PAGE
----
Sunset near the dolphin pools and fishing villages of Kampi on the Mekong river, upstream from Kratie. Photo by: LAURA HODGES
Fishing families’ livelihoods are threatened by the Laos dam plans. Photo by: LAURA HODGES
Tuesday, 22 March 2011 15:00Laura Hodges
A FLOTILLA of inner tubes is preparing to journey 20 kilometres down the Mekong on Thursday from the dolphin pool in Kampi to the riverside of Kratie town.
Organised by Walker Stephens, a determined and passionate volunteer based in Kratie, the event is a “celebration of the free flowing water of the Mekong River”. The aim is to “have fun and celebrate the life which this river both produces and sustains, and raise awareness that the future of the Mekong river currently hangs in the balance”, he says.
The future of the Mekong is awaiting the impending decision concerning the construction of a 1,260-megawatt dam proposed for Xayaburi province in Laos. The Xayaburi dam poses serious threats, not only to the communities directly impacted in Laos, but particularly the populations of Vietnam and Cambodia, who will see little benefit from the sacrifices made, as 95 percent of the energy generated by the dam will be exported to Thailand.
The Mekong is the lifeblood for more than 60 million people and home to an exceptional range of biodiversity, including the critically endangered Irrawaddy river dolphin.
In Cambodia, the Xayaburi dam threatens the nation’s US$300 million a year freshwater fishery and the successful rice production, reliant upon the unimpeded Mekong floodplain and fertilising silt flows. It threatens 41 species with extinction and risks depleting current fish stocks which provide 80 percent of the protein in Cambodia’s diet, according to International Rivers.
Local and international NGOs support the recommendation to delay construction of any dam on the lower mainstream. This recommendation is based on the Mekong River Commission’s independent Strategic Environment Assessment. This concluded that construction of a Mekong mainstream dam would irreversibly undermine the economic productivity and ecology of the river, putting livelihoods and food security at risk. The SEA recommended a 10-year delay to research and fully assess environmental and social consequences.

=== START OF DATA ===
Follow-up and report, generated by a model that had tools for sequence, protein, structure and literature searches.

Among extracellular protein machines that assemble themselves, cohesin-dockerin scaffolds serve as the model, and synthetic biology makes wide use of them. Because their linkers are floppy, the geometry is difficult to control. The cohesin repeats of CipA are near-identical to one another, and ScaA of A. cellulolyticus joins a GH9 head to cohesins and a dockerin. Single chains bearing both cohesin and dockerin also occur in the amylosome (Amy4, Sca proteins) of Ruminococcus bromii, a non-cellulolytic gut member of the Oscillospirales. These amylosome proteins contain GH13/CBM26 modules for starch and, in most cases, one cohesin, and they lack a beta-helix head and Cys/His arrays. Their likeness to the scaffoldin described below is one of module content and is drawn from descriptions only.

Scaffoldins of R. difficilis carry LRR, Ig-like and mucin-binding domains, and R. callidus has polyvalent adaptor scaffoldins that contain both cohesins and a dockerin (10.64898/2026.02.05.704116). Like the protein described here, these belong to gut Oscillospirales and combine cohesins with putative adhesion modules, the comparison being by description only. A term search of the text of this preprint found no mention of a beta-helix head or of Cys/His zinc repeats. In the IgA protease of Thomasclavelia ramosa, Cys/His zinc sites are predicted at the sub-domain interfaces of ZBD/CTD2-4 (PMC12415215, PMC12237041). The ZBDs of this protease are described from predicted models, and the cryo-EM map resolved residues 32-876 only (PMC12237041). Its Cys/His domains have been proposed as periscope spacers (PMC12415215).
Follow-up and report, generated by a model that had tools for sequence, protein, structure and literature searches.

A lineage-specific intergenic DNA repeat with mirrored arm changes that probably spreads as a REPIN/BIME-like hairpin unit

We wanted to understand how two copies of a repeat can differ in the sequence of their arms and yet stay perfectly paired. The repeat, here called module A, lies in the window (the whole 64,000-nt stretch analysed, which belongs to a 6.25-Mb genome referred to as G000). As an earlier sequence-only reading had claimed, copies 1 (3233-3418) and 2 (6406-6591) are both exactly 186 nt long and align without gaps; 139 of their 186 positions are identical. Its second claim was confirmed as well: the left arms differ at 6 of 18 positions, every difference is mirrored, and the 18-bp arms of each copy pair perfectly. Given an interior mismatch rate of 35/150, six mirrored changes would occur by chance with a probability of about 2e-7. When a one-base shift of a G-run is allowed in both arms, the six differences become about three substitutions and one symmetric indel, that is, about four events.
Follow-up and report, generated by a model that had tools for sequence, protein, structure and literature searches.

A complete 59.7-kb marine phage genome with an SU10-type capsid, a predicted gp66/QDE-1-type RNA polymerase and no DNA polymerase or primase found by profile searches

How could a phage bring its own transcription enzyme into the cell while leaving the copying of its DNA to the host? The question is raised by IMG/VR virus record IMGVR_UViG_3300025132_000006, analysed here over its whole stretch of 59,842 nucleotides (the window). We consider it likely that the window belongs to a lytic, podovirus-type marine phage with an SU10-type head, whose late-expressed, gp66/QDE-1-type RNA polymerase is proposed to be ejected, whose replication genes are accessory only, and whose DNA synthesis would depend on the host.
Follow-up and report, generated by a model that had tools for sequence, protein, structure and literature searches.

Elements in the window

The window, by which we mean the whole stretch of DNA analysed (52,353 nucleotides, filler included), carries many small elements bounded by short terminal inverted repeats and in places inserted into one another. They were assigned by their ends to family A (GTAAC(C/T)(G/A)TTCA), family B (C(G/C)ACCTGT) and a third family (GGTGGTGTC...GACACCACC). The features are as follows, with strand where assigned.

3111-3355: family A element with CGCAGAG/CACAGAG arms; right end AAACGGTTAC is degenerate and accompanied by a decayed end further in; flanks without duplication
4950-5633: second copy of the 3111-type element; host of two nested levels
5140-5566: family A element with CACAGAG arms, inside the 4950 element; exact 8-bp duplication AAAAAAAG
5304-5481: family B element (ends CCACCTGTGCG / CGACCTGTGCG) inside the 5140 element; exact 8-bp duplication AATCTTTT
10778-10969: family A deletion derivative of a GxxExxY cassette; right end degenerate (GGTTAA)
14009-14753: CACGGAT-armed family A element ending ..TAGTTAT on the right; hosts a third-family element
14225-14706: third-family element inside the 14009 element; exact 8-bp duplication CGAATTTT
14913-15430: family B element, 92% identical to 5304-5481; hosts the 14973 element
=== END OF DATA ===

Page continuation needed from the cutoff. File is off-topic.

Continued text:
The construction of the Xayaburi is the most advanced of the 11 proposed mainstream dams and has been widely condemned by the international community; being called “an environmental disaster” by critics in Vietnam, with fears that the 10 other dams will soon follow if Xayaburi is approved. Many petitions have been sent to regional prime ministers – one of the first in October 2009 from Save the Mekong included 23,110 signatures.
On March 25-26, delegates from Vietnam, Cambodia, Laos and Thailand will decide whether to build the Xayaburi Dam. With Vietnam opposing construction activities and Thailand supporting mainstream developments, the Cambodian people are anxiously waiting to see what their country’s delegate will decide.
“The Cambodian Joint Committee member has the chance to be a strong leader who stands up for Cambodia and we trust that they act in the best interests of our country, and we look forward to a bright future,” says Sun Mao, executive director of the Cambodian Rural Development Team, a local NGO working to bridge the divide between development and conservation along the Mekong.
Uniting local NGOs, communities and tourists, this event in Kratie is entitled Mekong For Life and encourages all to participate, to celebrate the importance of the Mekong.
Khoun Tola, one of the event’s organisers, says: “The Mekong is everything to Cambodia – that’s why we call it ‘mother water’. We just want to celebrate and play in our river and keep it flowing free.”
Mekong for Life will begin at 8am on the riverside in Kratie town, where there will be a short introduction on threats to the river. Following this, participants will travel to Kampi to begin their journey down the Mekong, floating freely past local communities, in rubber inner tubes. Those wishing to take part on Thursday can pay US$10 on the day, for tube rental, transportation to Kampi, a safety boat and lunch.
Participants are recommended to wear long-sleeve shirts, hats and sun screen. The group hopes to return to Kratie by 4pm. For more information, please contact Walker Stephens at MekongforLife@asia.com .